The Tax Cuts and Jobs Act of 2018 became law on December 22, 2017, and with it, tax professionals across the country cancelled their holiday plans to make sense of the sweeping changes to the tax code. The changes to the estate tax provisions are not so hard to understand, and they probably won’t affect you. Why not? Here’s a little perspective on just how few people pay federal estate tax:
According to the Tax Policy Center (a non-partisan joint venture between the Urban Institute and Brookings Institution), in 2017 there will be only about 11,300 estate tax returns filed, of which 5,500 will be taxable. “To put the number of estate tax returns filed in perspective, the Population Division of the Bureau of the Census projects that 2.7 million people will die in 2017. Thus, an estate tax return will be filed for only 1 in 237 decedents, and only 1 in 487 will pay any estate tax.” This means that approximately 0.2% of the total U.S. population pays any federal estate tax.
The new tax law increases the exemption amount from $5.49 million dollars per person to $11.2 million dollars per person. The law keeps the so-called “portability” provision, which means that a married couple can combine and share their exemptions for a combined exclusion of $22.4 million dollars. The exemption amount is tied to inflation, so will increase every year.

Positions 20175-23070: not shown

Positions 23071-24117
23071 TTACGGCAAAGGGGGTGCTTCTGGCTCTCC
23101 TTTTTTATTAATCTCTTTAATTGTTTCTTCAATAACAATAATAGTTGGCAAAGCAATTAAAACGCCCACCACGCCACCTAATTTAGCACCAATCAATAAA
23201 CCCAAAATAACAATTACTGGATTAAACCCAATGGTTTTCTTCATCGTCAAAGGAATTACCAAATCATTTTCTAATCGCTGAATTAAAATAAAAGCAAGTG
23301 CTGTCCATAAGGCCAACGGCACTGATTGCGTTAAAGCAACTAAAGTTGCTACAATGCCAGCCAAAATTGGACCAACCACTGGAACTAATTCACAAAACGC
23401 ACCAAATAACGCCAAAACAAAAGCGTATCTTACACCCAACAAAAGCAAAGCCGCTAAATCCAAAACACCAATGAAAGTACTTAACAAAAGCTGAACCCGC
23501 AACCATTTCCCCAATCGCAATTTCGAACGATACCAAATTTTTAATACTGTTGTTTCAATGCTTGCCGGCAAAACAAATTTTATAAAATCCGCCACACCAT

So what does this mean for the 99.8% of the population that wasn’t paying federal estate tax under the old law? If you weren’t paying it before, you’re definitely not paying it now. And if you were paying it before, or were on the cusp of having to pay, the substantial increase may mean that you are off the hook.
But don’t be too complacent: the estate tax provision of the federal law sunsets in 2025. Also, if you live in New Jersey or Pennsylvania, your estate may still be subject to inheritance tax, depending on who you’ve named as beneficiaries. If your existing Will is more than 10 years old, your Will may contain provisions that are tied to the old federal and state estate tax laws, which may cause issues if it was probated today.
It’s good practice to have a professional review your estate plan every few years to make sure that it is still the best plan for you and your family, no matter what the current tax situation.
Want more information? To see how TCJA affects your income taxes, check out this calculator from The Tax Foundation, an independent nonprofit organization.
Interested in diving deeper? Every year, the Heckerling Institute on Estate Planning holds a conference to discuss developments in estate planning. This year’s conference focused on the TCJA (no surprise). For those wanting to know even more about TCJA, this article gives the highlights of TCJA.
Melanie M. Levan, Esq. is a partner with Dash Farrow, LLP, concentrating her practice in estate planning, estate administration and guardianships.
Dash Farrow, LLP is not affiliated with The Tax Foundation or the Heckerling Institute on Estate Planning. By providing links to these organizations, Dash Farrow, LLP does not endorse these organizations and Dash Farrow receives no compensation from them. They are provided as a courtesy to our readers.